Friday, February 15, 2008

Amateur scientist: the aspartame experiment

We at bayblab have made the case for a distributed web of amateur scientist working together to do real science. Think of it as blogging is to the written press, podcasting to radio, or youtube to television: user-generated science. We also warned in our podcast (episode 15), that it comes with a great risk of animal cruelty, and limited access to proper equipment to get the job done safely. This couldn't have been more prescient when it comes to this story of Victoria Iness-Brown who decided to test aspartame on 108 rats for over 2 years. Any scientist looking at this experiment can clearly see the merit. The study was surprisingly well thought out. The experimenter used mixed strain and missed the point on why we use inbred for experiments such as this but otherwise the design was good. Yet a study like this could have never passed the ethics board in our university. The rats were given aspartame in their water throughout their lifetime, and allowed to carry out their lives. The problem is that there was precious little monitoring, no weighing of the rats, and more importantly, many rats developed tumours, which were left to ulcerate, with the obvious implications on the animal's well-being. The intentions were good, but the experimenter lacked the knowledge on how to reduce pain and discomfort on the animals. The other problem is that there are no results or statistical analysis. There are lots of pictures of rats with tumours, but no dissection, no measurement of tumour burden, no survival curves. How can we avoid rogue experiments like these but foster amateur science?


6 comments:

Anonymous said...

So, to summarize, she gave rats the human equivalent of 20 cans of diet soda a day (with nothing else to drink) and they didn't fare well? No shit.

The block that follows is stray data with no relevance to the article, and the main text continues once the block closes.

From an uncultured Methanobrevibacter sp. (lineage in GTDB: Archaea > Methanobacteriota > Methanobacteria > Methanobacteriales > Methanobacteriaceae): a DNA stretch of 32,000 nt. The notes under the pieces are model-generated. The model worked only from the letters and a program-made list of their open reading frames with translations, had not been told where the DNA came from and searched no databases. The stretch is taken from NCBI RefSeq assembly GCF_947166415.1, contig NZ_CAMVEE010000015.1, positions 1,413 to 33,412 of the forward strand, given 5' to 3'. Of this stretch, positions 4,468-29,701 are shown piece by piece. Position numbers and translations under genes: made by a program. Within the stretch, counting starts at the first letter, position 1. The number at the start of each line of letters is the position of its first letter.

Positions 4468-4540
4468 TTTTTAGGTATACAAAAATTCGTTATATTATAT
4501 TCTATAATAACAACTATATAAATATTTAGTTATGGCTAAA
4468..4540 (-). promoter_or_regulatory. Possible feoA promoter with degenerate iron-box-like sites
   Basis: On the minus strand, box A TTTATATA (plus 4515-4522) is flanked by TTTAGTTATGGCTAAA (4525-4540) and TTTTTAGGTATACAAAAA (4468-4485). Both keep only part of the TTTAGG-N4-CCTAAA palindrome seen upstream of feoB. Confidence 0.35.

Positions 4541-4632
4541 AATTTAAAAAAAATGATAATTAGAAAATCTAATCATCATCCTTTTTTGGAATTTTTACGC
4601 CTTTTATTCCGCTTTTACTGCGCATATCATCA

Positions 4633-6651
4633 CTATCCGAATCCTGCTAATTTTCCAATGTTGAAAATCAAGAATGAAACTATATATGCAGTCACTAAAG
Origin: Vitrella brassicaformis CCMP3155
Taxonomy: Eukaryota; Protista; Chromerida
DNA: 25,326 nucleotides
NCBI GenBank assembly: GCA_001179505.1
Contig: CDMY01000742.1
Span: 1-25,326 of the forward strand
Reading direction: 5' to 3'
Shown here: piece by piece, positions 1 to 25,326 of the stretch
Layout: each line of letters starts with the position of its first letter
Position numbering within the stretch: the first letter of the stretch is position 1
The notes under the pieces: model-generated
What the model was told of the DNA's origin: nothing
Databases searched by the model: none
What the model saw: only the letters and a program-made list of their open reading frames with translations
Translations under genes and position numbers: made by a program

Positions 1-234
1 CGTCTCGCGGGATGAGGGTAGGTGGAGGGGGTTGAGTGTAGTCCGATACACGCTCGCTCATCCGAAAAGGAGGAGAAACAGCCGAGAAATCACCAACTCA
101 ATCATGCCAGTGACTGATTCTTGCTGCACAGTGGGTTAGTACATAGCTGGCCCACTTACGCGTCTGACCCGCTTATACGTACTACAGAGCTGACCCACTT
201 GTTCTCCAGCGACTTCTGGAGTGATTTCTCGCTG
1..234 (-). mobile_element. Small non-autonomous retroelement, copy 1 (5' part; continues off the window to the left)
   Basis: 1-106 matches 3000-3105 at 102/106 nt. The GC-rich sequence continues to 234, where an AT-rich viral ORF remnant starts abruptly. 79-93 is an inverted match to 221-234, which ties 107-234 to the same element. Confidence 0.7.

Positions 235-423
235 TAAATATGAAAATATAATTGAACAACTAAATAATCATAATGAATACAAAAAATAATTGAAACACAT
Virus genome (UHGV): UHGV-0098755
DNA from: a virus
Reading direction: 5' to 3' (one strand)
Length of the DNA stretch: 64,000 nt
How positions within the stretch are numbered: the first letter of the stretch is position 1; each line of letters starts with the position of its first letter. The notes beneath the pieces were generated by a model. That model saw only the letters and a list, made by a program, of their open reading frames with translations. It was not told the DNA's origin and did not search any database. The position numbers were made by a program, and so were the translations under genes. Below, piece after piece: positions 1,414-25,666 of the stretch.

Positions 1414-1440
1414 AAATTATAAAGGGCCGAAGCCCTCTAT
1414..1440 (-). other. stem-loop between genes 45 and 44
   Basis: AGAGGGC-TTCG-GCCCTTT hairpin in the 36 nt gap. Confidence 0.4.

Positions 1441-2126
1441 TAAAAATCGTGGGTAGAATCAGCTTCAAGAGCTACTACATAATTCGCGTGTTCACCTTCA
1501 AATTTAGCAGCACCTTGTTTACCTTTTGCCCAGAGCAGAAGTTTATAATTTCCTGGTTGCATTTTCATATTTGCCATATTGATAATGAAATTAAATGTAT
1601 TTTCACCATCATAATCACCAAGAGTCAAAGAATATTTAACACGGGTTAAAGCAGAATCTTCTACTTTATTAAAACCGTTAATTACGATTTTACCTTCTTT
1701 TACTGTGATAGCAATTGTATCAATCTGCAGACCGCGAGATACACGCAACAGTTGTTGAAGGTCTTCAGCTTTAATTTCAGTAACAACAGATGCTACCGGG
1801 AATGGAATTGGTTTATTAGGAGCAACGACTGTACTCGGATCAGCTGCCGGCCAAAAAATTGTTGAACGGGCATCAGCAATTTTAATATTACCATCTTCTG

jen said...

And don't you think she would need yet another control? A sugar-control? Maybe the rats simply drank *more* aspartame laden water because it was sweeter. I think this is a major confound in addition to those brought up above. No analysis, no significance testing, and no IRB! I have issues with the strain of rats used, as well as lack of monitoring and lack of control for other factors. Rats consume more when they're stressed - what was the environment like? Were the rats handled daily, and equally? I don't think she teased out (or at least randomized) the confounds.

This is more an observational study of rats in an X-type of environment over anything remotely experimental, in my opinion.

I'm not backing aspartame (I do believe it causes tumors and such) but I am just being critical on her experimental design and procedure.

My 2-cents.

Anonymous Coward said...
This comment has been removed by the author.
Anonymous Coward said...

Actually a proper control is very difficult for this study. You need something which tastes sweet, but with no calories, and no side effects. Sugar will have broad consequences, think about caloric intake, diabetes etc... The best I can come up with is making it 3 groups: water / sugar / aspartame or changing the route of administration (iv/ip), which would be hard to do at home.

kamel said...

This experiment has made its way to both Reddit and Digg, and it's interested to read the comments there.

On the one hand it's great that people take an interest and talk about science, on the other hand it's a bit distressing to see what a lot of these people think passes as a well-executed and well-presented experiment.

Mr. Gunn said...

That's not just an amateur experiment, it's a deliberate hack job. It's also a rather severe case of animal cruelty. I have done animal research, involving tumor development, and this would have never flown with the IRB. If those had been dogs or hamsters the woman would be in jail right now. I hope someone notifies the authorities so she doesn't try this again.

There's no way to stop people from doing stuff like this, we just have to try to educate people about what is proper science and what isn't.

I'm not surprised at all that the comments on digg are full of rampant stupidity. Isn't that where Stupid Filter got a lot if its seed corpus?